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Atlanta Metro Malayalee Association (AMMA) celebrates Onam

By Rahul Raghu
October 2013
Atlanta Metro Malayalee Association (AMMA) celebrates Onam

Kaikottikali, a women’s group dance for Onam, performed at the Atlanta Metro Malayalee Association celebrations. (Photo: Unnikrishnan)


Onam is a festival of Malayalees or Keralites during the month of Chingam (Aug - Sep). It is believed that when Vishnu in his fifth incarnation came as the dwarf Vamana to test the good king Mahabali, he asked him for a boon: to be given the land he could cover in three steps. When he covered everything that the king had in the first two steps, the king asked him to step on his head for the third step; for keeping his word, Vishnu gave the king boons, one being to come back every year and meet his subjects (prajas). So at Onam, the king is welcomed back. Mahabali means "great sacrifice," and the king was a martyr for the sake of truth (satya).




Vyshali Menon sings "Maavin Chottile." (Photo: Shajeev Padmanivas)


The celebrations of Onam start on Atham day, 10 days before Thiruvonam. Each of the 10 days has its own importance in various rituals and traditions, Thiruvonam being the most important. All over the state, rituals along with new clothes, traditional cuisine, dance, and music mark this harvest festival.

Many unique elements are included: vallam kali (snake boat race), pulikali (tiger dance), kaikotti kali (women's dance), pookkalam (floral carpet like rangoli), thumbi thullal (a women's dance/singing event), onavillu (ceremonial painted bows), kazhchakkula (plantain offerings), athachamayam (the beginning parade), etc. People of all religions, castes, and communities celebrate the festival with equal joy and verve. An atmosphere of peace and brotherhood is created by team sports.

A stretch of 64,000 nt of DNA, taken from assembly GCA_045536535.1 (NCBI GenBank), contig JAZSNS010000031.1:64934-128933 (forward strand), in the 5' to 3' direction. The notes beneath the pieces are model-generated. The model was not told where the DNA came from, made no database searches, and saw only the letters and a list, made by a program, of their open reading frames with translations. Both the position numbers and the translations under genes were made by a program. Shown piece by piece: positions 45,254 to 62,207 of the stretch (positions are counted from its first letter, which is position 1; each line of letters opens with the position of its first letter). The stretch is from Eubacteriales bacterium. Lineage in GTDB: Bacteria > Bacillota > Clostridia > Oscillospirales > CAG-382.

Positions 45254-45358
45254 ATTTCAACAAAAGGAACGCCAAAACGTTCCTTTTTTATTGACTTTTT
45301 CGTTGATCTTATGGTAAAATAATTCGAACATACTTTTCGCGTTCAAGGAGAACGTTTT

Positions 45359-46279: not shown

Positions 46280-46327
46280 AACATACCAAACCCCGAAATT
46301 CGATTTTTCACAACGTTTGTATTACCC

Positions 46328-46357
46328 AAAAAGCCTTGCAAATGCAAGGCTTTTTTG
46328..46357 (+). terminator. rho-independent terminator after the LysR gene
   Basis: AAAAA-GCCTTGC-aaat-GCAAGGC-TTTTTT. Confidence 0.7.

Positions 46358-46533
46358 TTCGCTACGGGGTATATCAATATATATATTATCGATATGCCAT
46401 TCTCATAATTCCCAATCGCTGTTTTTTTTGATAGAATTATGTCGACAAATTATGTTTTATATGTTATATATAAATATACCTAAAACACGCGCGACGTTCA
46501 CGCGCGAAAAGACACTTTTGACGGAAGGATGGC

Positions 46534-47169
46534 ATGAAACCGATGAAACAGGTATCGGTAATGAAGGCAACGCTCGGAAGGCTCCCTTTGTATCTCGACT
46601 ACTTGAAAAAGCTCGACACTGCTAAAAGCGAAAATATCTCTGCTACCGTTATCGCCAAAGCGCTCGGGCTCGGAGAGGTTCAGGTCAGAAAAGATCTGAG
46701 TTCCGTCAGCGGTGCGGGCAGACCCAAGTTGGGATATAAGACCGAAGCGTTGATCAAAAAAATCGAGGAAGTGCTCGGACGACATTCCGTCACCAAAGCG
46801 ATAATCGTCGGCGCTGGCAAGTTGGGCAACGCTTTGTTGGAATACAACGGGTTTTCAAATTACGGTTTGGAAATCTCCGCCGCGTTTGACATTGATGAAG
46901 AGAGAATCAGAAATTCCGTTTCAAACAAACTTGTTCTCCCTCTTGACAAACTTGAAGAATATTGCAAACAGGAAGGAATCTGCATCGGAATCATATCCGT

Chippi and Ria dance to "Sajnaji vaari vaari." (Photo: Shajeev Padmanivas)

For pookkalam, earthen mounds like square pyramids, representing Mahabali and Vamana, are placed in the dung-plastered courtyards in front of the house and beautifully decorated with various kinds of flowers. They are works of art accomplished with a delicate touch, and are also considered as a symbol for secularism. It's a great pleasure for people in Kerala to make pookkalam from Atham to Thiruvonam, especially for children.

Every year in Atlanta, Onam is celebrated in the traditional style by different Malayalee organizations. Atlanta Metro Malayalee Association celebrates Onam in a grand manner, starting with a feast (sadya) and then Mahabali is invited with procession, chendamelam (with a loud drum), and thalapoli (procession with plates of flowers). Cultural programs are conducted by different age groups.



Raghu, Shalini, and Srinath singing at AMMA's Onam celebrations. (Photo: Shajeev Padmanivas)

One of the main attractions is the kaikottikali, one of the traditional forms of dance during Onam celebrations. It is a beautiful women's group dance, performed in front of lit lamps mainly on the occasion of Onam and Thiruvathira. The typical Kerala dress is worn: a gold bordered traditional two piece dress made of a mundu (one piece cloth for the lower part of the body) and a neriyathu worn over a blouse. Kaikottikali was presented on August 31 by the group Beena Prathip, Bindhu Vinu Chandran, Latha Raghu, Jisha Sanjay, Kanmani Subramanian, Kavitha Ramachandran, Meera Saikumar, Praseetha Sandeep, Sajitha Unnikrishnan, and Sreekala Satheesh. It was definitely a nostalgic moment and feast to the eyes.

The program was gracefully emceed by Movina Nagarajan and Meghana Nagarajan, and Jijo was sound engineer. Great talents in Atlanta filled the day with beautiful nostalgic songs and dance performances.


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